How Canada's tourism industry is trying to salvage summer 2020
COVID-19 prevents half the tourism economy's customers from crossing the border
Canada's tourism industry is facing a reckoning as the summer season starts, with many businesses facing either complete shut down or limited operations because of the COVID-19 pandemic.
Some tourism businesses are resorting to unprecedented measures, such as two rival Newfoundland boat tour companies joining forces.
"You get lemons, you gotta make the best to try to make lemonade out of it," said Michael Gatherall, owner of Gatheralls Puffin and Whale Watch in Bay Bulls, N.L. He's teamed up with nearby rival O'Brien's Boat Tours to stay alive this season.
According to Gatherall, in February he was expecting the summer of 2020 to be one of their best ever.
COVID-19 changed all of that. And it's a problem across the country.
Further west, the Stratford Festival attracts around half a million visitors, both domestic and international, to the small city of Stratford in southwestern Ontario.
But because of the COVID-19 pandemic, this year the theatre stages are dark. The festival suspended its 2020 season.
"Everything we do is about being shoulder to shoulder," said Anita Gaffney, the festival's executive director.
"So the prospect of a virulent disease keeping us away from one another has really turned our business upside down."
Billions of dollars at stake
According to industry associations, the tourism sector in Canada generates over $100 billion in economic activity yearly and supports 1.8 million jobs across the country.
In an open letter, a coalition of travel and tourism businesses called the Canadian Travel & Tourism Roundtable says that the federal and provincial governments must ease public health lockdown measures to save the industry's summer season.
"Like you, we believe personal safety is critical. However, many of the travel restrictions currently in place are simply too broad or unnecessary," it stated.
Among the coalition's demands is the removal of interprovincial travel bans, such as those in place in Newfoundland and Labrador, New Brunswick, Prince Edward Island and the three territories.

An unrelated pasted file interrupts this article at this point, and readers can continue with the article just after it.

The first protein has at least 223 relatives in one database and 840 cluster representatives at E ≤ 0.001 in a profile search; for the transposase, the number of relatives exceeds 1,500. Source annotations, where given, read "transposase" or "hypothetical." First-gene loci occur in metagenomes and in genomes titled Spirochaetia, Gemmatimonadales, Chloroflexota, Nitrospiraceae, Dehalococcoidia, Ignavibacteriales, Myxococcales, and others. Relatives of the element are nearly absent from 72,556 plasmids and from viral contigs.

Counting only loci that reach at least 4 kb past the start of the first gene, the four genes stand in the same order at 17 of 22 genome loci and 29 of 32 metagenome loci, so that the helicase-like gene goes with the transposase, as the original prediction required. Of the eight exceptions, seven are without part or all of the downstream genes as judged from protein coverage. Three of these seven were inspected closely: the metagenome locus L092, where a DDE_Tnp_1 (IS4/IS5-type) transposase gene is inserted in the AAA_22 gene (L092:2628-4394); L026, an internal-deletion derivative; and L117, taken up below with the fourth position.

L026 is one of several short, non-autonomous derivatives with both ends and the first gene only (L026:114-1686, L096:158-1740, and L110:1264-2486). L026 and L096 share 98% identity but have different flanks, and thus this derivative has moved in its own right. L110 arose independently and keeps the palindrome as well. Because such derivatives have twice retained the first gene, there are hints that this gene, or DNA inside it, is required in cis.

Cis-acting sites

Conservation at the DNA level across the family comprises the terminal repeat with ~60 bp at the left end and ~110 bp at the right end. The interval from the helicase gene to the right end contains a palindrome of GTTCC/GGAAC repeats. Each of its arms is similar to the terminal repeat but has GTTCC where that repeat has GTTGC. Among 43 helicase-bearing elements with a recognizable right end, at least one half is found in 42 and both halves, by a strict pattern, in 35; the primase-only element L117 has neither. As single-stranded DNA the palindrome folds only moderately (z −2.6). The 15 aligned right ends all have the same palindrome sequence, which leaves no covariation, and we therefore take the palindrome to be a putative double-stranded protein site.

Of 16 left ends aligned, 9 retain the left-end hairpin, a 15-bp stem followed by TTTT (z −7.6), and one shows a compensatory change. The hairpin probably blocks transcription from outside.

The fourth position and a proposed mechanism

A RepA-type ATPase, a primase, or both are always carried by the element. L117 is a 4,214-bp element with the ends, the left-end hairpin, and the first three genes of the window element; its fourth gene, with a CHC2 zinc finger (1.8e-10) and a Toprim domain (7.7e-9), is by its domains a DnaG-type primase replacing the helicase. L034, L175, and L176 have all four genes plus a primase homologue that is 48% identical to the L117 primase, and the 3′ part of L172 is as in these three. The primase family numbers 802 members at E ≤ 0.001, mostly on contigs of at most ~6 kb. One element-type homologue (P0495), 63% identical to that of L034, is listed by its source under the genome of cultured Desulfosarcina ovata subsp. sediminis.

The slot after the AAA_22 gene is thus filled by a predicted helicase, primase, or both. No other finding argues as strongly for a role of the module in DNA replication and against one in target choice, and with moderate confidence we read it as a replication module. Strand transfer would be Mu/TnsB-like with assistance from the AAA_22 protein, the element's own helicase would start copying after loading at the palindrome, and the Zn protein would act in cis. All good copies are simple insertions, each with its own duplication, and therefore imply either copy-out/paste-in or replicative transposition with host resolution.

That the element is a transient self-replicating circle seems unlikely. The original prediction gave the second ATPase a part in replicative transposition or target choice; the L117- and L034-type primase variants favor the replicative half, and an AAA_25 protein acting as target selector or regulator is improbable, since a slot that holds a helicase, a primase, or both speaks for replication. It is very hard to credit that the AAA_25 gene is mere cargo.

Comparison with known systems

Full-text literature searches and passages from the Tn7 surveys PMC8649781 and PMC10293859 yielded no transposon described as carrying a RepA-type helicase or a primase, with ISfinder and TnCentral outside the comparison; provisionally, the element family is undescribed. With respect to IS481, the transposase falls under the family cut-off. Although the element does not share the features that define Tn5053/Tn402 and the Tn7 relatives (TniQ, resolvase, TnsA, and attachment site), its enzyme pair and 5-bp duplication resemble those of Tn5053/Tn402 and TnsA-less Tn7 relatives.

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The Canadian Travel & Tourism Roundtable is also calling for an end to the mandatory 14-day quarantine period for those entering Canada.
An expert in travel and tourism told CBC Radio's The Cost of Living the industry lobby may have a case if the first wave of the COVID-19 outbreak in Canada and many other countries around the word is winding down.
"If Canada does not reopen any time soon, the danger is that the summer season will go by fast and operators, suppliers will not be able to make any money in the summer," said Frederic Dimanche, the director of the Ted Rogers School of Hospitality and Tourism Management at Ryerson University.
"And we know that the summer is the time of year when they make most of their income."
Measures such as temperature checks at airports and hotels, physical distancing and hygiene practices such as rigorous hand washing could allow potential tourists to travel to and within Canada safely, added Dimanche.
The U.S. poses an issue, says expert
A complication for Canadian tourism is the COVID-19 outbreak in the United States, said Dimanche.
American tourists make up, by far, the largest number of international tourists visiting Canada yearly.
Dimanche says that while a case can be made to open up Canada to tourists from many countries, he does not believe our biggest source of tourists makes the cut.
"We know that the COVID-19 crisis is not in control in the United States. We actually know that it keeps growing, whereas it seems to be in control in Canada," Dimanche said.
Federal government promoting travel within Canada
Whether the federal government will move to meet the demands of the open letter is unclear for now.
In a statement to CBC Radio's The Cost of Living, the office of Melanie Joly, the Minister of Economic Development and Official Languages, said the government has supported Canada's tourism industry through benefits such as the Canada Emergency Business Account (CEBA).
However, the ministry's statement did not directly address whether the federal government would take action on interprovincial travel bans or open the country to international tourists.
"Looking ahead to the summer, Minister Joly has recently announced over $110 million in support for Canadian tourism. This includes $30 million for domestic marketing through Destination Canada, our national tourism marketing agency," the minister's office wrote.
"While it has always promoted Canada abroad, which is what the money was originally earmarked for, COVID-19 has spurred us to refocus Destination Canada towards domestic travel, one of the first times it will actually be marketing Canada to Canadians."
Too late for some, like Stratford
But for tourism draws like the Stratford Festival, the pandemic has already put an end to the entire season, as well as to the tourism dollars Stratford would have seen.
The focus for festival executive director Gaffney is to now ensure the festival can survive and bring tourists to Stratford next season. It's asking both levels of government for $8 million in some combination of a grant and a loan.
"We need support now like we've never needed support before, and an investment in Stratford today is going to pay dividends when the tourism industry starts to come back," said Gaffney.
Written and produced by Richard Raycraft.
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